Tip of the old scrub brush to Melissa Howell and @TeacherGoals.


John Adams was right about much, but he missed on celebrating Independence Day

July 3, 2020

John Adams, by By John Trumbull, 1793. National Portrait Gallery, Smithsonian Institution
John Adams, by By John Trumbull, 1793. National Portrait Gallery, Smithsonian Institution

“The Second Day of July 1776 will be the most memorable Epocha, in the History of America. . . . It ought to be solemnized with Pomp and Parade, with Shews, Games, Sports, Guns, Bells, Bonfires, and Illuminations from one End of this Continent to the other from this Time forward forever more.”
John Adams to Abigail Adams, July 3, 1776

Surely John Adams knew that July 4 would be Independence Day, didn’t he?

In writing to his wife Abigail on July 3, John Adams committed one of those grand errors even he would laugh at afterward. We’ll forgive him when the fireworks start firing.

1776 filled the calendar with dates deserving of remembrance and even celebration. John Adams, delegate from Massachusetts to the Second Continental Congress, wrote home to his wife Abigail that future generations would celebrate July 2, the date the Congress voted to approve Richard Henry Lee’s resolution declaring independence from Britain for 13 of the British colonies in America.

Continental congress DSC_0607
Scene of the crime — Independence Hall in Philadelphia, where the Second Continental congress approved the resolution to declare the colonies independent from Britain – (Photo credit: National Park Service)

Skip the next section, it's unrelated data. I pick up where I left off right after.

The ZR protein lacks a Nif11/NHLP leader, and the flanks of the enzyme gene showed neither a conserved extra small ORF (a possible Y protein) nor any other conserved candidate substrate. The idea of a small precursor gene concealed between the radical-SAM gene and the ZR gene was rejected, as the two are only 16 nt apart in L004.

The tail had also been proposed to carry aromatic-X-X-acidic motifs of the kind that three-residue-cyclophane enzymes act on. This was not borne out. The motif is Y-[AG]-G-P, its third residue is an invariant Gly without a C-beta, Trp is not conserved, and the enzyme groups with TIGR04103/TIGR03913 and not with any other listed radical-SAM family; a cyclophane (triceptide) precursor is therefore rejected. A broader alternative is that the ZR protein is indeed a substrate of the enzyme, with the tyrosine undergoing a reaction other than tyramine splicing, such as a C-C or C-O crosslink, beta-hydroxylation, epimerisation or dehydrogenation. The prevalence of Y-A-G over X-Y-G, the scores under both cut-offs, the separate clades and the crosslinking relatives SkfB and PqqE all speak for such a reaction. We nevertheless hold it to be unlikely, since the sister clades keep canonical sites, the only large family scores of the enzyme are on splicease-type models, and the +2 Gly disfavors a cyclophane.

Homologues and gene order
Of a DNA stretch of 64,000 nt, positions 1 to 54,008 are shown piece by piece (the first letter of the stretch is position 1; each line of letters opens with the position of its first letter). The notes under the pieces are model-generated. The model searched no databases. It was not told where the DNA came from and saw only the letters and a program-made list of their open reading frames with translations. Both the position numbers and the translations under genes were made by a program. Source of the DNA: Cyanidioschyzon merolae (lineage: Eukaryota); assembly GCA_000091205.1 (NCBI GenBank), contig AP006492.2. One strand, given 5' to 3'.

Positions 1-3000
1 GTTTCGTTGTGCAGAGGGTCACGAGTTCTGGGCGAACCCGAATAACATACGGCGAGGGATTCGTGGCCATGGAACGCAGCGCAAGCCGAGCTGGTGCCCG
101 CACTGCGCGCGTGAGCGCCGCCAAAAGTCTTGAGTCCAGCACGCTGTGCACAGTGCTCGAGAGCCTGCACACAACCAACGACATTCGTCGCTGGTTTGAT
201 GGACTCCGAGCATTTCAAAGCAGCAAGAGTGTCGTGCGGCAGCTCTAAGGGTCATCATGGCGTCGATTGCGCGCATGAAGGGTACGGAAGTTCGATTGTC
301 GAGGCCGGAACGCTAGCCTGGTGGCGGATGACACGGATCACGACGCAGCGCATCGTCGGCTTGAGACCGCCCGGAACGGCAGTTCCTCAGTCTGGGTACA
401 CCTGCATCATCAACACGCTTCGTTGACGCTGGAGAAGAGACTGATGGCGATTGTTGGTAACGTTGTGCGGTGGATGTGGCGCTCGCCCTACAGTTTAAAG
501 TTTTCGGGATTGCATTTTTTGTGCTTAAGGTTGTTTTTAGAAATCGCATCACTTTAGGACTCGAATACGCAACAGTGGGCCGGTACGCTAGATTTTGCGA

Two days later, that same Congress approved the wording of the document Thomas Jefferson had drafted to announce Lee’s resolution to the world.

Today, we celebrate the date of the document Jefferson wrote, and Richard Henry Lee is often a reduced to a footnote, if not erased from history altogether.

Who can predict the future?

(You know, of course, that Adams and Jefferson both died 50 years to the day after the Declaration of Independence, on July 4, 1826. In the 50 intervening years, Adams and Jefferson were comrades in arms and diplomacy in Europe, officers of the new government in America, opposing candidates for the presidency, President and Vice President, ex-President and President, bitter enemies, then long-distance friends writing almost daily about how to make a great new nation. Read David McCullough‘s version of the story, if you can find it.)

More, and Related articles:

The Lee Resolution.
The Lee Resolution, passed by the Second Continental Congress on July 2, 1776 – Wikipedia image (Wait a minute: Are those numbers added correctly? What are they?)
This is an encore post.
Yes, this is an encore post. Defeating ignorance takes patience and perseverance. And of course, this post makes a good one to repeat every year near the 4th of July.